After the revolution, I don't think there is a market for anything. Before the revolution, there were people who stole objects from Egypt and took them outside of the country. We caught most of them. I returned about 5,000 artifacts from all over the world during the past nine years.
But how does it work? Do foreigners come in and work with criminal rings?
You have to understand that most of modern Egypt is built on top of ancient Egypt. People can do illegal excavations; they dig in their courtyards to find antiquities. But I have put antiquities inspectors in every port and airport to stop people from taking objects outside. And I hired educated guards. And I built 47 storage vaults.
The Hamas government in Gaza sent a delegation recently to return some stolen items, and it turned out the items were fake. Can you tell me about that?
They found two statues, and they brought them to me. I found that they were not genuine, and I gave them back. I thanked them and encouraged them to visit the antiquities of Egypt anytime.
What more can be done internationally to recover items looted since January?
We've gotten back the masterpieces. But I met someone from Interpol a few days ago: we're going to put information about every object out to the whole world. I really think the looters who took the objects were not professional criminals. Therefore, I think the objects will be back. They will not leave Egypt.
You said 31 objects from the Cairo museum are still missing at this point. What are the most significant ones?
The only significant one from the museum is a small head of Queen Nefertiti—a few centimeters high.
The statue of Akhenaton has been returned. *
We brought back the statue of Akhenaton holding a stela. And we've brought back most of King Tut's objects that were stolen.
And where were they? Where did you find them?
Those were taken by the looters who entered the museum on the night of January 28. We got the objects of King Tut because there was someone working for the antiquities department who came to me and said that there were looters who wanted to return these objects to me. And the next day he brought a bag with four objects.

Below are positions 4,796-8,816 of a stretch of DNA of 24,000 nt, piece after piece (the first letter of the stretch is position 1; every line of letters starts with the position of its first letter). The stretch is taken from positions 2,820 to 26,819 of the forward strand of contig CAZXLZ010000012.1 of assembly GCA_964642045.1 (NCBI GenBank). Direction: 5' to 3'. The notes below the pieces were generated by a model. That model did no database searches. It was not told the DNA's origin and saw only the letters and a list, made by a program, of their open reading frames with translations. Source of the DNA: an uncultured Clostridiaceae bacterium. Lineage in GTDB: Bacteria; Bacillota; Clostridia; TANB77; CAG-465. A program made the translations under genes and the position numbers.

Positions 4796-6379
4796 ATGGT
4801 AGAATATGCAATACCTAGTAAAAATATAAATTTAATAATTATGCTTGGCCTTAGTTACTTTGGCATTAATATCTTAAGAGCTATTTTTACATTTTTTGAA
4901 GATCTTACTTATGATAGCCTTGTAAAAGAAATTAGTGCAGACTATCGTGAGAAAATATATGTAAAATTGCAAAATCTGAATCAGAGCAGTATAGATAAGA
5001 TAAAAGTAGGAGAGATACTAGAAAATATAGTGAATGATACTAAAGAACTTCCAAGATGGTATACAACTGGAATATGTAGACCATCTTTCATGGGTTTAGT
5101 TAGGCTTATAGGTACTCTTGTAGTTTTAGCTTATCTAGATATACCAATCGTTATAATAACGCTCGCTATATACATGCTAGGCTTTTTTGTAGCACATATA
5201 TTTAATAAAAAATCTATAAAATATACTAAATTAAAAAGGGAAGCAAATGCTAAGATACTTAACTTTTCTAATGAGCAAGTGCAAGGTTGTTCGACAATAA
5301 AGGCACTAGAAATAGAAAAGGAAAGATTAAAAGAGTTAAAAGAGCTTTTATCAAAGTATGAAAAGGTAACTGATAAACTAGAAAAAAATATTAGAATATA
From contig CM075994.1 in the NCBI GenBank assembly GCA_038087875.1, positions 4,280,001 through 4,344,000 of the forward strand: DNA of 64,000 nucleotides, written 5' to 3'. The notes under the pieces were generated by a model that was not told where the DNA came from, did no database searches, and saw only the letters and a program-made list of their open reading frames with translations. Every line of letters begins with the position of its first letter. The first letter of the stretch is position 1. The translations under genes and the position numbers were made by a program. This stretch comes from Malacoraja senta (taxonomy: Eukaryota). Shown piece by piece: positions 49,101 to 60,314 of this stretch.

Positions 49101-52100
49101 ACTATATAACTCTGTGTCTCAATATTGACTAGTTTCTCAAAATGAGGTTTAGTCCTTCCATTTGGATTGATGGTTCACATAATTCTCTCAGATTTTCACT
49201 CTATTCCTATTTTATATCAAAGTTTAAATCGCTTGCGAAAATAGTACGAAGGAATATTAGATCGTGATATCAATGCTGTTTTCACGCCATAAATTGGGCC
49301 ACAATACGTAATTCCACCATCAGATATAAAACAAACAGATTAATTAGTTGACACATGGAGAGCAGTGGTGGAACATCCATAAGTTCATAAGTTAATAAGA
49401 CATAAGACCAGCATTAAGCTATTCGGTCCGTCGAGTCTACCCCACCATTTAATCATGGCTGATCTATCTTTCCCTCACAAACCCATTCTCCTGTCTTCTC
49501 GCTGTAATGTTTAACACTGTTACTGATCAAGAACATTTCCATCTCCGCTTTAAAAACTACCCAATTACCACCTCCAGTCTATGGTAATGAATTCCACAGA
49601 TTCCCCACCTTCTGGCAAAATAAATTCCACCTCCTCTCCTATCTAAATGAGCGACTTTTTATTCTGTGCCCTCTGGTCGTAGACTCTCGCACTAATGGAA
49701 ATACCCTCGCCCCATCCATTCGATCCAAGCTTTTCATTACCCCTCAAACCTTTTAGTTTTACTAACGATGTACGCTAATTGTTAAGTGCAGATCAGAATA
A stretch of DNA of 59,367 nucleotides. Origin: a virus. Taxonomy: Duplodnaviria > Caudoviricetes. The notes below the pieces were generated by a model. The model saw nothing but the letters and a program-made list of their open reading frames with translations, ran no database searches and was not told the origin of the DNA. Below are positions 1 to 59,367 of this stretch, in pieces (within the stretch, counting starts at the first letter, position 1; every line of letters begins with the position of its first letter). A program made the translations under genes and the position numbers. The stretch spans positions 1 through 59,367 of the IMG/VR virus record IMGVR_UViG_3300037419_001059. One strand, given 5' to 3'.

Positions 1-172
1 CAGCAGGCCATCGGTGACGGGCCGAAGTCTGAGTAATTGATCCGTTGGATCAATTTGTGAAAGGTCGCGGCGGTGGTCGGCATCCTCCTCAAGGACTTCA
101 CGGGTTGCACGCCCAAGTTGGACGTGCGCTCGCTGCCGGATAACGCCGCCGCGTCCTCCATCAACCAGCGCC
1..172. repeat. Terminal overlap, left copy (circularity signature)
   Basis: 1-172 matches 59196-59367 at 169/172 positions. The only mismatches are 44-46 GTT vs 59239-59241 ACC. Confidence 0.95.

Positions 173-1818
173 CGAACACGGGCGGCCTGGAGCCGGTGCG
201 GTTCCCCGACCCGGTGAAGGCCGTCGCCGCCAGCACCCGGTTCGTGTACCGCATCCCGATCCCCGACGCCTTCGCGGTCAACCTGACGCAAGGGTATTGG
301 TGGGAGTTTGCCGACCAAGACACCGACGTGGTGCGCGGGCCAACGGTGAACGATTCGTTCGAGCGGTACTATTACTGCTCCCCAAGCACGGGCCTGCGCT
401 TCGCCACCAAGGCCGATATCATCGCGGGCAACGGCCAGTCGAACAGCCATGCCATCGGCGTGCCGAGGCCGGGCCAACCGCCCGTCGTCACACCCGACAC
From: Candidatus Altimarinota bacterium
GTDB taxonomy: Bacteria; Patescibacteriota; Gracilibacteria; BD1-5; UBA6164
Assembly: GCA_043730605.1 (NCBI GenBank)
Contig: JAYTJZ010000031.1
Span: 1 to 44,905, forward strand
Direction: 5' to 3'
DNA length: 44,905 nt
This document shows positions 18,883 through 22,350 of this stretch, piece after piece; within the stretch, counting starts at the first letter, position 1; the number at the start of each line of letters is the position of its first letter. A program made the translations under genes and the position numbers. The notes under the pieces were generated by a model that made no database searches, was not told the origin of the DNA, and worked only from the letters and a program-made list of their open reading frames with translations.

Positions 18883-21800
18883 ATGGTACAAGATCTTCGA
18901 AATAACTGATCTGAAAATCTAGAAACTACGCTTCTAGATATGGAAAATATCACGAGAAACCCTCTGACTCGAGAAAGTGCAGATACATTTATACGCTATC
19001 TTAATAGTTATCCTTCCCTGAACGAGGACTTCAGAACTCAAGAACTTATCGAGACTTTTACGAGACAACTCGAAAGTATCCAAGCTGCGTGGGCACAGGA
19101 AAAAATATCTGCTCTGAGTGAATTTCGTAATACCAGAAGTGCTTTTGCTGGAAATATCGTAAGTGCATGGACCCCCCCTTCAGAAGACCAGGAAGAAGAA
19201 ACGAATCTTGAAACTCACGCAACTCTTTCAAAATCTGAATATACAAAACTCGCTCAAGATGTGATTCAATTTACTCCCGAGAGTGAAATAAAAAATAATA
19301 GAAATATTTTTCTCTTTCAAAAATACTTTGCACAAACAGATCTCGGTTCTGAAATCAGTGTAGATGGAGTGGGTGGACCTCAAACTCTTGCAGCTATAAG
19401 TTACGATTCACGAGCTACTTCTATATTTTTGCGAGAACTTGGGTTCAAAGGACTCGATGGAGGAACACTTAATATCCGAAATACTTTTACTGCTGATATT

Over the years you have carried out a campaign to force international museums to return Egyptian artifacts. In the wake of the revolution and looting, some in the West made the argument that items were safer spread around the globe. The Natural History Museum of Basel became the first to return an artifact since the January revolution. Do you see that as significant?
Very important. It's a relief from the Old Kingdom, about 4,000 years ago.
You had a role in the former government and are now part of the current government. What is different now, in the day-to-day work of your ministry and the way the country is run?
You know, I am a technician. I am not a politician. I have never been in any party, and I did my job beautifully.
You did have a fairly close working relationship with the former first lady, Suzanne Mubarak. Was she an important political patron for the antiquities department?
No, she had nothing to do with any work in antiquities. I collaborated with her to create the children's museum in Cairo. We will be finishing the work on this museum two months from now, and it will be the best museum for children in the Middle East.
As we speak now in May, have you been in touch with the former first lady since her husband relinquished power?
I told you, I'm a technician, not a politician. My relationship with the first lady was just working in this museum. It wasn't really close. Many people think I am from the old regime—my enemies say this. But I'm not. I've never been a politician my whole life.
But still, you must have a personal sensitivity to seeing her get arrested.